Here's When To Catch The Next Big Meteor Shower
If you caught the Eta Aquariids lighting up the skies at their peak on May 6, you may already be wondering when the next meteor shower will take place. Technically, the Eta Aquariids are still burning their way through the atmosphere, so you still have time to catch the shower as it winds down through May 20. After that, though, you'll have to wait until nearly August for the next major meteor shower, the southern Delta Aquariids.
Like most showers, the Delta Aquariids are named for their position in the sky. The meteors look like they originate from the Delta star in the Aquarius constellation, and they're best viewed from the southern hemisphere. (The ongoing Eta Aquariids radiate from a star in the same constellation — does that make the two showers celestial siblings?) The Delta Aquariids are unique in that they don't have much of a visible peak, staying relatively steady throughout late July and early August. At its fastest rate, somewhere between 15 and 20 medium-speed meteors are expected to shoot across the night sky.
However, the formal peak is expected to be between July 27 and 30, so if you live in the southern hemisphere, mark your calendars for those nights — or rather, the early mornings. According to EarthSky.org, the best time to view the meteor shower is just before dawn, when moonlight won't wash out the light from the shooting stars.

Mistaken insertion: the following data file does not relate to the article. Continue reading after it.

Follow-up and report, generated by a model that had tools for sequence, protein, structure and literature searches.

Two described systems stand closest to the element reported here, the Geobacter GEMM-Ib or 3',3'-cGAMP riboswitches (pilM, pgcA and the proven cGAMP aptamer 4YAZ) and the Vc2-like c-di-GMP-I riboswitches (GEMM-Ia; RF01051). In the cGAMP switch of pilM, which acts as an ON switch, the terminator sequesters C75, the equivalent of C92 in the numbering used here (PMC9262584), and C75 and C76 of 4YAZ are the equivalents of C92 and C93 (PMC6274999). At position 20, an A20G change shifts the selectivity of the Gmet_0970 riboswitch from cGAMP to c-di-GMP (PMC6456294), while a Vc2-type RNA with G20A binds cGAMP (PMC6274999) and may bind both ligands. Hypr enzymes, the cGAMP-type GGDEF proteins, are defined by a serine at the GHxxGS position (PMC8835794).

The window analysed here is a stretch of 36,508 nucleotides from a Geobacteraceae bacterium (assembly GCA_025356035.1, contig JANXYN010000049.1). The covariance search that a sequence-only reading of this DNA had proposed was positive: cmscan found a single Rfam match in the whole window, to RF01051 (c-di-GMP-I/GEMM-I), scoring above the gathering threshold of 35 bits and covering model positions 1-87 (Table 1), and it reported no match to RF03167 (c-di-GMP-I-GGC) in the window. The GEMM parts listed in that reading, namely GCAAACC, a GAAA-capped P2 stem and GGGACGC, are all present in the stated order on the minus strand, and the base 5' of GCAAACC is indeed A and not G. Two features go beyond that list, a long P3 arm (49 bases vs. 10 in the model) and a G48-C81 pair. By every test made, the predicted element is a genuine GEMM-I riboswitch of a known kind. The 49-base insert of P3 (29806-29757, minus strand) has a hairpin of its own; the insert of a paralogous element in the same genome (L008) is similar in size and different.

If you live in the northern hemisphere, your chances of catching a good view of the Delta Aquariids are slim. On the other hand, you won't have to wait long for a different show. The spectacular Perseid meteor shower, which can reach up to 90 meteors an hour, is predicted to peak on August 12 and 13. According to EarthSky.org, this well-known shower tends to strengthen in number over the course of the night, with the most meteors visible just before dawn.
Unfortunately, it might be more difficult than usual to catch sight of the Perseids this year. As Sky and Telescope notes, the moon will be just a few days past full at the Perseids' peak, so its light will probably compete with the meteors'.
In case you're wondering, meteor showers occur when Earth passes through the debris left in the wake of comets on their journey around the galaxy. Basically, comets are slowly disintegrating in the heat of the Sun, leaving a trail of rocky particles behind. Earth's orbit sometimes takes it through these leftovers. The debris burns up as it enters our atmosphere, creating an annual shower of shooting stars. Are you feeling like a tiny speck of life in a vast universe yet?